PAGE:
Genealogy organization Ancestry.com has pulled an ad after critics blasted the company on social media for allegedly making slavery look like a romanticized adventure.
In the 30-second spot titled “Inseparable,” a white man and a Black woman in Civil War period clothing are shown running and then stop to look at one another. With a backdrop of soft music, the man offers the woman what appears to be a ring and says, “Abigail, we can escape to the North. There’s a place we can be together — across the border.”
Words on screen then advise viewers, “Without you, the story stops here.” A narrator then says, “Uncover the lost chapters of your family history with Ancestry.”
The ad began airing earlier this month in Canada and it is not known if it aired in other places, NBC News reported. Ancestry moved to pull the piece and issued an apology.
“Ancestry is committed to telling important stories from history. This ad was intended to represent one of those stories,” the company said in a statement published by CNN. “We very much appreciate the feedback we have received and apologize for any offense that the ad may have caused.”
That apology came after backlash that was swift and harsh. Many critics pointed out that actual romantic relationships like the one depicted in the ad were extremely rare, if they existed at all. Numerous historical documents and studies reveal that the majority of mixed-race children born during slavery were the product of the rapes of Black women by white slaveowners.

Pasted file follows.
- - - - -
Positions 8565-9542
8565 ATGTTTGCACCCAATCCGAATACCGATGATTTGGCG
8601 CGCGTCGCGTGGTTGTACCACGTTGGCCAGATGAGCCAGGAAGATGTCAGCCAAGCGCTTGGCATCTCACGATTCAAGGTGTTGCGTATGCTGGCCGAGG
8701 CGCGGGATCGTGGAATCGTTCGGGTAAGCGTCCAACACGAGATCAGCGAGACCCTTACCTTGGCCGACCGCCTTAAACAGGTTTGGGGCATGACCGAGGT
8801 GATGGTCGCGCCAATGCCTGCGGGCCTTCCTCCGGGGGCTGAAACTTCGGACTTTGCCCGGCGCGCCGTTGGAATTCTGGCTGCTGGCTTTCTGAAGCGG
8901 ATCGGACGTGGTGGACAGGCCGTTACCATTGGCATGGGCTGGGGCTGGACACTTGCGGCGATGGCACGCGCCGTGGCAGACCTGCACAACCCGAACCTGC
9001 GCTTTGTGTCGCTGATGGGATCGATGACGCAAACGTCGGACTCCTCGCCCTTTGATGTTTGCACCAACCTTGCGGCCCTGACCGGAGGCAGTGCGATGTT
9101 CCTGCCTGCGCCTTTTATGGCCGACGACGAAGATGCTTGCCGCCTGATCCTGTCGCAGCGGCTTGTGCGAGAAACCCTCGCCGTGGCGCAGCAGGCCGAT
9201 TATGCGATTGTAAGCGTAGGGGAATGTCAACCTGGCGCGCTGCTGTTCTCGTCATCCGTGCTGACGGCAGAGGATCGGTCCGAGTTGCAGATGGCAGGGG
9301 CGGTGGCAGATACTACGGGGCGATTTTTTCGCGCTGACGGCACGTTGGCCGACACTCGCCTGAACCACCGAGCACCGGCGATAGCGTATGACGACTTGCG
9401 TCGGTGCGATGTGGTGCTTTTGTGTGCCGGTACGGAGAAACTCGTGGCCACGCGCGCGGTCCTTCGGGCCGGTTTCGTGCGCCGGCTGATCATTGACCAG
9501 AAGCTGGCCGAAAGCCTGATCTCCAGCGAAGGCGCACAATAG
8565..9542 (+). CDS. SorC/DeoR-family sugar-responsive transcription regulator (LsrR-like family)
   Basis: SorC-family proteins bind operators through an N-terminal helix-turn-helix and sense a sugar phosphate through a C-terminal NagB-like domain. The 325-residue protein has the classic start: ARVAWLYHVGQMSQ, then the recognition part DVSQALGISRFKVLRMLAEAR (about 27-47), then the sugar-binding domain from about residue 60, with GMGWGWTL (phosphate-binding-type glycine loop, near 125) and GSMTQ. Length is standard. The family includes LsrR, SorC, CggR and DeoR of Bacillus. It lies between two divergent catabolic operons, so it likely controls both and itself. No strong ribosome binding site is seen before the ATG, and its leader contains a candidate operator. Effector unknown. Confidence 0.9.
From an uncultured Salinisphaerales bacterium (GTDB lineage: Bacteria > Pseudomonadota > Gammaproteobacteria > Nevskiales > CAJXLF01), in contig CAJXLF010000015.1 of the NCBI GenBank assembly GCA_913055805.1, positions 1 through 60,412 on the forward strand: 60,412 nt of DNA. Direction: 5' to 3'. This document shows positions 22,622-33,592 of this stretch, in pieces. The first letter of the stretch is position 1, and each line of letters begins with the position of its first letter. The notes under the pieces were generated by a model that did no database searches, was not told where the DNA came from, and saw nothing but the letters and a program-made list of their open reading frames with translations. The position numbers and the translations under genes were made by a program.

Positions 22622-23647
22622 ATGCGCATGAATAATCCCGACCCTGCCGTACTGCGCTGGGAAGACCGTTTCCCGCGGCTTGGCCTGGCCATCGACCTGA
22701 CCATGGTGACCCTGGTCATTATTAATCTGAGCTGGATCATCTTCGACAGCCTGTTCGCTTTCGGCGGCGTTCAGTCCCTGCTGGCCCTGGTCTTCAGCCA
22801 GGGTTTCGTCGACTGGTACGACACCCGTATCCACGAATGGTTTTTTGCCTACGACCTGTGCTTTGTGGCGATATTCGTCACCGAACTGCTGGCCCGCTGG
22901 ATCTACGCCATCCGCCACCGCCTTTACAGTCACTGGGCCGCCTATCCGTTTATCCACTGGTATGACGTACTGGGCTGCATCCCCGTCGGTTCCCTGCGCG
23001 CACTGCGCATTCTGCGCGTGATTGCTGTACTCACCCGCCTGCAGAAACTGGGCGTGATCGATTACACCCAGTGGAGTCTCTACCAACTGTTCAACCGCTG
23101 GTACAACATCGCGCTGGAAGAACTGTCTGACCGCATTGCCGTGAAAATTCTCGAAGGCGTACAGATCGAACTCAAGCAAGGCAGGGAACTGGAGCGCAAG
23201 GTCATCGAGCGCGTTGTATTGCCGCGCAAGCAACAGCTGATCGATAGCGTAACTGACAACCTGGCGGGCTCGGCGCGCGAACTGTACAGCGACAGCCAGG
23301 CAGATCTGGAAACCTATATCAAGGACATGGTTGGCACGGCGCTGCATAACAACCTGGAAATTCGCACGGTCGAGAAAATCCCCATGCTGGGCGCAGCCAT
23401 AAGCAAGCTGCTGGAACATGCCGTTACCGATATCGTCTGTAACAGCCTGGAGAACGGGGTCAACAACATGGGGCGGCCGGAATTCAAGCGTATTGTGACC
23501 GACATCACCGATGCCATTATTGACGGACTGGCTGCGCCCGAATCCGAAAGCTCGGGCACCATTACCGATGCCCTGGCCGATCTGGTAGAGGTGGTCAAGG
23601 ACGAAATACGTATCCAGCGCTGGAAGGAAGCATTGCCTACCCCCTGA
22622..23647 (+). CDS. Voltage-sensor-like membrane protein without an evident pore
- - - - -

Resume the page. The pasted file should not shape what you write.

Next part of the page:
Bishop Talbert Swan, Boston-area activist and pastor, posted his shock to Twitter.
What the hell is this @Ancestry?
Why do white people insist on romanticizing my Black female ancestors experiences with white men during slavery?
They were raped, abused, treated like animals, beaten, and murdered by white men. Stop with the revisions.pic.twitter.com/cDEWdkzJPm
— Bishop Talbert Swan (@TalbertSwan) April 18, 2019
Dr. Crystal Webster, an assistant history professor at the University of Texas in San Antonio, issued a series of angry tweets with the hashtag #cancelancestry.
“This is abhorrent,” she posted to Twitter. “Far from funny. The silence from @Ancestry on this is deafening. As I said I will make it my life’s work as a Black woman historian to #cancelancestry if they don’t do something about this.”
“Ooooh my God,” Business Insider producer Manny Fidel posted to Twitter. “Who approved this Ancestry commercial?”
Ancestry, founded in 1983, is based in Legi, Utah.